In some cases, the company name implies the nature of the business, but in other cases, it does not. Where a name or set of initials is used in the design, it might be beneficial to have a relevant graphic to give the consumer an idea of the nature of the business. 

The following example is a simple logo I designed for a drafting and metal fabricating business. I used a drafting T-Square, and a C-Clamp for the first two initials of the business name. The word 'designs', in the business name, implies that there is a design or drafting component to the business, but the use of the tools in the logo reinforces the suggestion.

Although you can't do this for every letter of the alphabet, graphic artists often incorporate an initial into the logo.  I was able to use the T-square, (drafting), and a C-clamp, (metalwork).

Another use of a graphic image in a logo is to support a claim as to the nature, attitude, or "personality" of the business.  Certain car alarm companies have used Black Widow spiders, or Cobra snakes, to imply the strength or power of their product.  The message is, "you don't mess with cars protected by their product!".

On the other hand, toilet paper manufacturers tend to use images that are soft and cuddly.  Think of how effective, (or rather, in-effective), these logos would be if these companies were to switch graphic images.  I don't think I would feel secure knowing that my vehicle was being protected by soft, cuddly kittens.  I'll let you make your own toilet paper/Black Widow spider analogy.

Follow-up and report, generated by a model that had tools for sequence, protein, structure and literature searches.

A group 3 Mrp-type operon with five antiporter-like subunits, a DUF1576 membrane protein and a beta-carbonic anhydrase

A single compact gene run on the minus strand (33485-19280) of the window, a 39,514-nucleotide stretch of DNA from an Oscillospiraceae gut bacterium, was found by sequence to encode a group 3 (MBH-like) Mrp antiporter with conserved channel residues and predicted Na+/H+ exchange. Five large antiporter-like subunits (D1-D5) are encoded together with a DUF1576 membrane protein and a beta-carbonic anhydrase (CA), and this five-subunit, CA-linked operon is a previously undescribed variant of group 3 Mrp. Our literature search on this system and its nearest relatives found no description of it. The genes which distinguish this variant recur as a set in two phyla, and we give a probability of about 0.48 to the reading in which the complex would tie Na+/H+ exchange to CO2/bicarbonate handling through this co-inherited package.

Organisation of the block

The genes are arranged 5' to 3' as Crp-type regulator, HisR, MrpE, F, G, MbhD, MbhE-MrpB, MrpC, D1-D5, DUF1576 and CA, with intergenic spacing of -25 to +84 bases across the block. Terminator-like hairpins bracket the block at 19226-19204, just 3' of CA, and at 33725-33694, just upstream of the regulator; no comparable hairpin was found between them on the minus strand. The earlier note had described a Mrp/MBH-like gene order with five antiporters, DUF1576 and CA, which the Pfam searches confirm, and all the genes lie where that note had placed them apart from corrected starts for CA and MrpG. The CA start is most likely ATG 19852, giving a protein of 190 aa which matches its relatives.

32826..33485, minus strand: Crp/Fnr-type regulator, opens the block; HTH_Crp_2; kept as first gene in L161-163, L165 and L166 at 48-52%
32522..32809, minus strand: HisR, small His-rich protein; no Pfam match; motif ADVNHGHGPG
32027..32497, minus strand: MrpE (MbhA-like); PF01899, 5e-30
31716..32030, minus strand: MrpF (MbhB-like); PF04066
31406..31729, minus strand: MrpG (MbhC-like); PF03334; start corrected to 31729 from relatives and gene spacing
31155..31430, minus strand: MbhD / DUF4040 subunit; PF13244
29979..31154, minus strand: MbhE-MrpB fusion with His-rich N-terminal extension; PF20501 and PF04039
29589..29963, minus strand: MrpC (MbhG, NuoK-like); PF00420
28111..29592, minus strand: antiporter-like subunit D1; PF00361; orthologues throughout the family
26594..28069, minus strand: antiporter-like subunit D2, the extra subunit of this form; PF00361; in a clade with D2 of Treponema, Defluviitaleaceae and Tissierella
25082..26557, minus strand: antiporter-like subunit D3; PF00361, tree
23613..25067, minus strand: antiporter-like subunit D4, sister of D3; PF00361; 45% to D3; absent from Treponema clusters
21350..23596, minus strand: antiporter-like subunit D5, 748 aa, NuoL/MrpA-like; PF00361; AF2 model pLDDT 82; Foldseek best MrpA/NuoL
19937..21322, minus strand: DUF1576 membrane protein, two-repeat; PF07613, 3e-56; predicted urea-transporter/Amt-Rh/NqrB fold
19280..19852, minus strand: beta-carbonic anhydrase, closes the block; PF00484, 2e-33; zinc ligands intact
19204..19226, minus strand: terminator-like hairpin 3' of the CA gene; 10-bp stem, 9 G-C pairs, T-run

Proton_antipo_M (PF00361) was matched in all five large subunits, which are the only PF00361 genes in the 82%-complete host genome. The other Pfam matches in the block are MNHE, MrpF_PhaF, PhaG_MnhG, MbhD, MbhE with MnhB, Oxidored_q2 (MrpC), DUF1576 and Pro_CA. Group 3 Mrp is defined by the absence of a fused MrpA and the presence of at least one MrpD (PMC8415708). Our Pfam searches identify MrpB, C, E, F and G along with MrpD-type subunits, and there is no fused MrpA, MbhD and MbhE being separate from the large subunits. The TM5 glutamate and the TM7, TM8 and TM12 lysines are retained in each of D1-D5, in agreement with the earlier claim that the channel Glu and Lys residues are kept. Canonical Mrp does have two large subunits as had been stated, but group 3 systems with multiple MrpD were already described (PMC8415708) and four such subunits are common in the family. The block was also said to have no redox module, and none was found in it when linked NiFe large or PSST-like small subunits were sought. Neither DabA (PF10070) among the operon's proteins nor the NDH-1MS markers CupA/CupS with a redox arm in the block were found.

The visual impact of the logo should definitely reflect the image the business is trying to project. For example, an insurance fraud investigation company will likely want to project a different image than a family restaurant. Know when to use comical, or cartoon-like images, and when to use serious, business-like ones.

While choice and use of colours is very important, many businesses have similar "gray-scale" logos as well. Having a gray-scale image ensures proper reproduction in advertising or contact material that will likely be faxed, or printed on non-colour printers.

Logo design is a field in itself, with many industry professionals working exclusively in logo design.  The ability to create a suitable logo may depend on artistic ability, mastery of software, and knowledge of the needs of a particular business, but even the most simple of logos can serve the intended purpose.

Logos on this page are displayed  for educational purposes only, specifically review and comment.  Use on this site is not intended to promote, endorse, or show affiliation with the respective companies or Trade Mark owners.  It is believed that logos displayed on this page, other than those owned by the author, may be used under the Fair Dealing provisions of the Copyright Act in Canada, and under the Fair Use provision of the United States Copyright law in the U.S., however, any logo will be removed at the request of the respective owner.